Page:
What causes the leaves to change?

-A A +A

Tree Talk with Joanna Angle

Although the phenomenon of leaves changing color is still not completely understood, we know that it is primarily influenced by three things.

The least variable of these factors is the increasing length of night.

As nights grow longer and cooler, biochemical processes are triggered in leaves.
The second contributor is the pigmentation present. Chlorophyll is the dominant pigment that makes leaves green.

It absorbs sunlight to produce sugars for food.

Carotenoids are pigments responsible for yellow, orange and brown colors in fruits, vegetables and flowers.
They are also present in tree leaves during the spring and summer, but are masked by the green of chlorophyll.

Anthocyanins are plant pigments that produce red, blue and purple shades.

Most anthocyanins are produced within tree leaf cells in autumn, in response to bright light and excess plant sugars.

As days grow shorter chlorophyll production slows, then stops.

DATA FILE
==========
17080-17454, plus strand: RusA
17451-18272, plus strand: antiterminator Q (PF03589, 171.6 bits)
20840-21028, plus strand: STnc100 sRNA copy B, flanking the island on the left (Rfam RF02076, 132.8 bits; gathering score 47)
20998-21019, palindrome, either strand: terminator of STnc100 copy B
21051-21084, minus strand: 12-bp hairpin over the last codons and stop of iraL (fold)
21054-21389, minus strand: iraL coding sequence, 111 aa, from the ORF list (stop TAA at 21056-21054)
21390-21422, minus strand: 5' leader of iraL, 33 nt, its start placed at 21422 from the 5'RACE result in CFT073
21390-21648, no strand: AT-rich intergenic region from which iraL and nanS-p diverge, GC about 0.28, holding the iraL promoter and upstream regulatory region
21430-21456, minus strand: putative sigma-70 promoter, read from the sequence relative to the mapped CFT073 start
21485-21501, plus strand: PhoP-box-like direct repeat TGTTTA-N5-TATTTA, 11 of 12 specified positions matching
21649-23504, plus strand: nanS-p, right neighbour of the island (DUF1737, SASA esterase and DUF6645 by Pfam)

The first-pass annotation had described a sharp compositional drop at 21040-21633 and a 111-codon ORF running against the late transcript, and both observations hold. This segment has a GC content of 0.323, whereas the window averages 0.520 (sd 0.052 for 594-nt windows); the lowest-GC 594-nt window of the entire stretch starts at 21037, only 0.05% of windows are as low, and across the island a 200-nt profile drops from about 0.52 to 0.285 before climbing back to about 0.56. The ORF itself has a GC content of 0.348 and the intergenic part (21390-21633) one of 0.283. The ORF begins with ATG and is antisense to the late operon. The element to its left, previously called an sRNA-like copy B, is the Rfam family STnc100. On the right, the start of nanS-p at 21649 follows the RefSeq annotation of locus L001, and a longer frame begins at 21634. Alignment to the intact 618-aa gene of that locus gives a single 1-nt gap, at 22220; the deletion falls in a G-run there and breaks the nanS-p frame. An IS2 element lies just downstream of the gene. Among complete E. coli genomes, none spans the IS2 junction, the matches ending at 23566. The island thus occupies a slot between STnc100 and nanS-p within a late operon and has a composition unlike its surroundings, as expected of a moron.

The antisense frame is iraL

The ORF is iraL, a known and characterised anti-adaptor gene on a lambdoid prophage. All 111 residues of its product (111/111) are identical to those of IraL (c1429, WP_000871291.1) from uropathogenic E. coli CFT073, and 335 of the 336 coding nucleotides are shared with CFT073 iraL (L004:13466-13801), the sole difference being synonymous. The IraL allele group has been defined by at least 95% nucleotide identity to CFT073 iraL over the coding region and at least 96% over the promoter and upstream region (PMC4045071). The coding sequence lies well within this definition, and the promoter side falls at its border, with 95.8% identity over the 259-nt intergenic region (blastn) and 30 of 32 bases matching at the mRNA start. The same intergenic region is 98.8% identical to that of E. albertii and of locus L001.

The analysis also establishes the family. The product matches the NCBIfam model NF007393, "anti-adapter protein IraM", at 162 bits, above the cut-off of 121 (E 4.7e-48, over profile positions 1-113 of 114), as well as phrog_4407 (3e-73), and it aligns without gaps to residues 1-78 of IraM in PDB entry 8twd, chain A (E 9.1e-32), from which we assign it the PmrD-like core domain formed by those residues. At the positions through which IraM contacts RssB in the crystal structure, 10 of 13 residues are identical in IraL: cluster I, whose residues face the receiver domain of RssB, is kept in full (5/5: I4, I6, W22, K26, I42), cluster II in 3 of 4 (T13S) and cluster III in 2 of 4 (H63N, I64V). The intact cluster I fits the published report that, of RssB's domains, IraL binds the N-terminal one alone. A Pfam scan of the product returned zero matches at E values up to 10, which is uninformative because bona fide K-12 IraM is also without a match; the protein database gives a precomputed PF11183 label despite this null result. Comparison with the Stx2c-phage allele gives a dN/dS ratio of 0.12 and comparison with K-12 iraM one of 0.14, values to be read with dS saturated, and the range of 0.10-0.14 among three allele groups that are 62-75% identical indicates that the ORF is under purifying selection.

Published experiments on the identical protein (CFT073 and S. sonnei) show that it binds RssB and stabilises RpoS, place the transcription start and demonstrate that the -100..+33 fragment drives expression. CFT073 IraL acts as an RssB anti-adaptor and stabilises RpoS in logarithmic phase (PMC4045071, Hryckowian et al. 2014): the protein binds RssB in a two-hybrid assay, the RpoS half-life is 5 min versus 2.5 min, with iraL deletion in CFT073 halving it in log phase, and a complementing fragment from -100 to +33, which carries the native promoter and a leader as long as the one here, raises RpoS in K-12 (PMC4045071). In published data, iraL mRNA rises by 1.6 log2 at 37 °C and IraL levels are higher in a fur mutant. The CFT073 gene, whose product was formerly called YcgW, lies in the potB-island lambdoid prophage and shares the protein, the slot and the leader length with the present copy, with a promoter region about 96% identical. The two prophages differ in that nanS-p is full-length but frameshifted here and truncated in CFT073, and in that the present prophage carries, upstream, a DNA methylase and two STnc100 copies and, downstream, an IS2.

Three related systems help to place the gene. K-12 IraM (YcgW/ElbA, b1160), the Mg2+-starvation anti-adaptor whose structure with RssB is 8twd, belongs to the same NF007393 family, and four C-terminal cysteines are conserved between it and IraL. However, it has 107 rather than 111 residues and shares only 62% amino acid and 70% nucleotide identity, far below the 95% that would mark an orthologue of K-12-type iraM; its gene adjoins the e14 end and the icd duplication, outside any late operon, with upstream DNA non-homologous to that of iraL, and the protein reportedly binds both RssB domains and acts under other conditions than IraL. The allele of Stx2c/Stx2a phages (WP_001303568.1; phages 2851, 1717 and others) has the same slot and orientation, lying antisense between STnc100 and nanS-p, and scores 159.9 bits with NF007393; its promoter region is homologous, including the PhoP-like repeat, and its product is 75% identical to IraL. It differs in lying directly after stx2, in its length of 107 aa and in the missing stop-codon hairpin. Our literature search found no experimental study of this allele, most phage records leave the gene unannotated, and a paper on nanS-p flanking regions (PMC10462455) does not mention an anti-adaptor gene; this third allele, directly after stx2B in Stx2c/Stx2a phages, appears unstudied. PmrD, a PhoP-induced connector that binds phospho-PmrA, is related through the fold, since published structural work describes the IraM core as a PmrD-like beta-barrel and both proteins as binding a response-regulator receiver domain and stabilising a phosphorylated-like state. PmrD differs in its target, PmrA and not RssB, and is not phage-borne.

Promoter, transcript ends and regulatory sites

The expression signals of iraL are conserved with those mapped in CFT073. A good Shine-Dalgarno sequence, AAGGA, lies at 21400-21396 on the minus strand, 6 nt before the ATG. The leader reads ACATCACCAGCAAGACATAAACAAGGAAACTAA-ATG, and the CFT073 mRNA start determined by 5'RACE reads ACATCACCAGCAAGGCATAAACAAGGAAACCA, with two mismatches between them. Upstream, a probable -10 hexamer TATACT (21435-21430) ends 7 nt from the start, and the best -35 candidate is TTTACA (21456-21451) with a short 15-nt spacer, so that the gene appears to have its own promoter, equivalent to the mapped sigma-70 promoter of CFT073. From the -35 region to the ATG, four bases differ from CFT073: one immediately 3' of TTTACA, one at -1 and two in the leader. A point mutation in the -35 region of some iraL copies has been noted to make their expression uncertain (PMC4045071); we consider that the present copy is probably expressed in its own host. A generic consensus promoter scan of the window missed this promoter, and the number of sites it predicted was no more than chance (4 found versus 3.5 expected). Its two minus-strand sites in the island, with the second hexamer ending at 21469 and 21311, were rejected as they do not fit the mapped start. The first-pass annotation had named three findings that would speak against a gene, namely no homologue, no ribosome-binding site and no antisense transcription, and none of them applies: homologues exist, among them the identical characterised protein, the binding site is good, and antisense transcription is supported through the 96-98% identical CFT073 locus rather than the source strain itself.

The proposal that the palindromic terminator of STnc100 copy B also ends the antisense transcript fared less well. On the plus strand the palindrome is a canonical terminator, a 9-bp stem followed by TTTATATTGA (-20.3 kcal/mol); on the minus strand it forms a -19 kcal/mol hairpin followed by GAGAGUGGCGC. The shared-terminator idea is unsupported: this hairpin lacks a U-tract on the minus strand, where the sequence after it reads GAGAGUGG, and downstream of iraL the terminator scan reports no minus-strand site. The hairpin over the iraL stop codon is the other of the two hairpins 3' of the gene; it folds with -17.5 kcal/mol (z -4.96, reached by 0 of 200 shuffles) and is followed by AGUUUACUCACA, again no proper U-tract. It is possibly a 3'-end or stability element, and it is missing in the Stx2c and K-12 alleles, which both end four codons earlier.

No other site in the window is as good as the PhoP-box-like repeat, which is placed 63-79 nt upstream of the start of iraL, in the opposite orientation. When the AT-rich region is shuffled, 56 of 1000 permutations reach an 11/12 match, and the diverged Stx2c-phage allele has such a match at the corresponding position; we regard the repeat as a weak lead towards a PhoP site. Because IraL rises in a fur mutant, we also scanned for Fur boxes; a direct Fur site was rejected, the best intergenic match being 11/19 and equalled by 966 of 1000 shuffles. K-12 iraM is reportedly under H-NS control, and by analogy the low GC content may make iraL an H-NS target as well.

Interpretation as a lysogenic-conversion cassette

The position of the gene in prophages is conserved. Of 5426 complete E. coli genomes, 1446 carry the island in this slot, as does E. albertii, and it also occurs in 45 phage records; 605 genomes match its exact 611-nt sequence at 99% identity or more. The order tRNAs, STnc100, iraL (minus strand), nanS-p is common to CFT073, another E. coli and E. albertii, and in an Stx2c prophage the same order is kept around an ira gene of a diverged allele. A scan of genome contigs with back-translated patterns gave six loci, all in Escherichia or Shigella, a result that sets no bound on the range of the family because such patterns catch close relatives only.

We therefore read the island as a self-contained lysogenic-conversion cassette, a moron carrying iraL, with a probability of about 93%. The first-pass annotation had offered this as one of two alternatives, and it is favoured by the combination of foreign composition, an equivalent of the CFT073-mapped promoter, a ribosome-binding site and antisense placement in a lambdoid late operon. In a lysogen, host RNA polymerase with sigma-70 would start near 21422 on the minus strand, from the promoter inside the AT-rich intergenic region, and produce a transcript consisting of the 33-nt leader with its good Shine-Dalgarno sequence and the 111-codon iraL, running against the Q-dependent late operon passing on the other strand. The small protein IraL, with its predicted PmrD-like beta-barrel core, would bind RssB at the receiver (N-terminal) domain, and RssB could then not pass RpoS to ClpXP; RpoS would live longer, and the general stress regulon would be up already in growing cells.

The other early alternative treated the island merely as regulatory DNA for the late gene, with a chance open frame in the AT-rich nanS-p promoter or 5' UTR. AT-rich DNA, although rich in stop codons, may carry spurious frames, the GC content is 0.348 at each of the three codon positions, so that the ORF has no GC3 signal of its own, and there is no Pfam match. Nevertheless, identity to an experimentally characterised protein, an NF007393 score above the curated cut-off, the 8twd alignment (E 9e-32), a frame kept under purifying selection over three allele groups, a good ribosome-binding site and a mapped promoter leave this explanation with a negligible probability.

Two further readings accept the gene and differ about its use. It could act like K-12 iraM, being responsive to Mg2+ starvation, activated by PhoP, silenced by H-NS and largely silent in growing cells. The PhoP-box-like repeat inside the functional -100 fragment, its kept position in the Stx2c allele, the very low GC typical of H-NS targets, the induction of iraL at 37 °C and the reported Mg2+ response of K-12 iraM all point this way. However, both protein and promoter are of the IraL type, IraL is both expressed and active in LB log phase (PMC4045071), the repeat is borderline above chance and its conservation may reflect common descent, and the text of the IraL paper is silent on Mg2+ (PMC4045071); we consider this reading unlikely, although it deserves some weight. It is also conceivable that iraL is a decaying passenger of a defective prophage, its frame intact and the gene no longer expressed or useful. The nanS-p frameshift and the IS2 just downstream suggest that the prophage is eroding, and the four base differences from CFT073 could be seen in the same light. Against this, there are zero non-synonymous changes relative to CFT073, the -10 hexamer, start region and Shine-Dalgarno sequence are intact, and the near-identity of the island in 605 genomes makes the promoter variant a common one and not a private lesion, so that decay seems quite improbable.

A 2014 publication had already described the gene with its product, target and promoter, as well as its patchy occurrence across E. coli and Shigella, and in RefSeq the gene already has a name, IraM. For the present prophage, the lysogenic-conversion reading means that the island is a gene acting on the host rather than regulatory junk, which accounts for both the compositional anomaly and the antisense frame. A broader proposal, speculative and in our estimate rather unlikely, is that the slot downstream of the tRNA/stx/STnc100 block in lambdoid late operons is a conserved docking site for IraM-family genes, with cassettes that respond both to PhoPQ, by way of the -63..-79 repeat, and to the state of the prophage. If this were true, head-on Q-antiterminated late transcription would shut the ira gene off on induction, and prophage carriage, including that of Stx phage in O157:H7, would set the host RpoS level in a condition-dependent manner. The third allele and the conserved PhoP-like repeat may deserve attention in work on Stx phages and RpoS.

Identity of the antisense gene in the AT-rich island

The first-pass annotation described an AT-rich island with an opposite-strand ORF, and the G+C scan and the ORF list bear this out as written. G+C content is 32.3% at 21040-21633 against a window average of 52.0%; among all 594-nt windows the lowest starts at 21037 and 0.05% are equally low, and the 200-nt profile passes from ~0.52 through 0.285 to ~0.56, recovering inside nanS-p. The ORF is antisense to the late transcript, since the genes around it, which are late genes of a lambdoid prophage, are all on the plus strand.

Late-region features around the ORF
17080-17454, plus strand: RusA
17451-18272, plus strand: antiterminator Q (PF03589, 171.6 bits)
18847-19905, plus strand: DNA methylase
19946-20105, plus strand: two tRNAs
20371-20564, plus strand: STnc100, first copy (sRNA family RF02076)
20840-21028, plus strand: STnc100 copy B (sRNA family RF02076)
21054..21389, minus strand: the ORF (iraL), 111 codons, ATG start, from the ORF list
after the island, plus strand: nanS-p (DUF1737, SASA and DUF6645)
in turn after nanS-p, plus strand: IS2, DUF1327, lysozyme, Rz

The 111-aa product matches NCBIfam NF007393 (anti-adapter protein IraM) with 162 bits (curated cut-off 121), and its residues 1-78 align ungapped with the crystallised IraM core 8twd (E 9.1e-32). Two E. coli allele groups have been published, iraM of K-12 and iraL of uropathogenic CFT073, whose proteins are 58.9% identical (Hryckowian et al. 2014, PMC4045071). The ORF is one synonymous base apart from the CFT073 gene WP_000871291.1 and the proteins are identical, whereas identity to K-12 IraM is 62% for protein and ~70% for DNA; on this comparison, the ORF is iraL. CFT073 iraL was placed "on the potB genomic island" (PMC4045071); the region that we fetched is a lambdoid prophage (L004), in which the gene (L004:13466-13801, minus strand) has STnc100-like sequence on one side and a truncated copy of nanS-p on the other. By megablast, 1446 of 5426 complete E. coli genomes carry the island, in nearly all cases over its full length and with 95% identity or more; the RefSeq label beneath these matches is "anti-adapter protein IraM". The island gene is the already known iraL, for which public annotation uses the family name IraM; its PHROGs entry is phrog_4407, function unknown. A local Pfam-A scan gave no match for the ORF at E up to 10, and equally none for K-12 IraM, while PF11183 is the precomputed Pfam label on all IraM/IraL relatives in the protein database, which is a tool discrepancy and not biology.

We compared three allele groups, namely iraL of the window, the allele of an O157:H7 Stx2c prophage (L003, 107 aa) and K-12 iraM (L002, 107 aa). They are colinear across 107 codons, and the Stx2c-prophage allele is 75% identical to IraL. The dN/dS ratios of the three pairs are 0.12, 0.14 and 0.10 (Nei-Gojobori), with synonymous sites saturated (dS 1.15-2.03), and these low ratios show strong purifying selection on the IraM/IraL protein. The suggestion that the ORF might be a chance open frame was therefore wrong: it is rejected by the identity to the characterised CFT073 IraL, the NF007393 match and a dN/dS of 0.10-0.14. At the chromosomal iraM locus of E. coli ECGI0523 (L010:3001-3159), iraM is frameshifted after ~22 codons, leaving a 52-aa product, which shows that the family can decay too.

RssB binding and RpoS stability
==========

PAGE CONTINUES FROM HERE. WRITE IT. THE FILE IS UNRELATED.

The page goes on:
Once the green of chlorophyll is eliminated from leaves the carotenoids and anthocyanins present are revealed to show their respective colors.
The USDA’s Forest Service explains that tree species also plays a role.
“Oaks turn red, brown or russet; hickories, golden bronze; aspen and yellow-poplar, golden yellow; dogwood, purplish red; beech, light tan; and sourwood and black tupelo, crimson. Maples differ species by species — red maple turns brilliant scarlet; sugar maple, orange-red; and black maple, glowing yellow. Striped maple becomes almost colorless. Leaves of some species such as the elms simply shrivel up and fall, exhibiting little color other than drab brown.”
Timing of color change also varies by species.
The third influence on fall foliage is the weather conditions, especially temperature and moisture present before and during the diminishing production of chlorophyll.
Years that have seen the most spectacular fall color displays typically have had a warm, wet spring and temperate summer followed by a series of warm, sunny autumn days with cool but frost-free nights.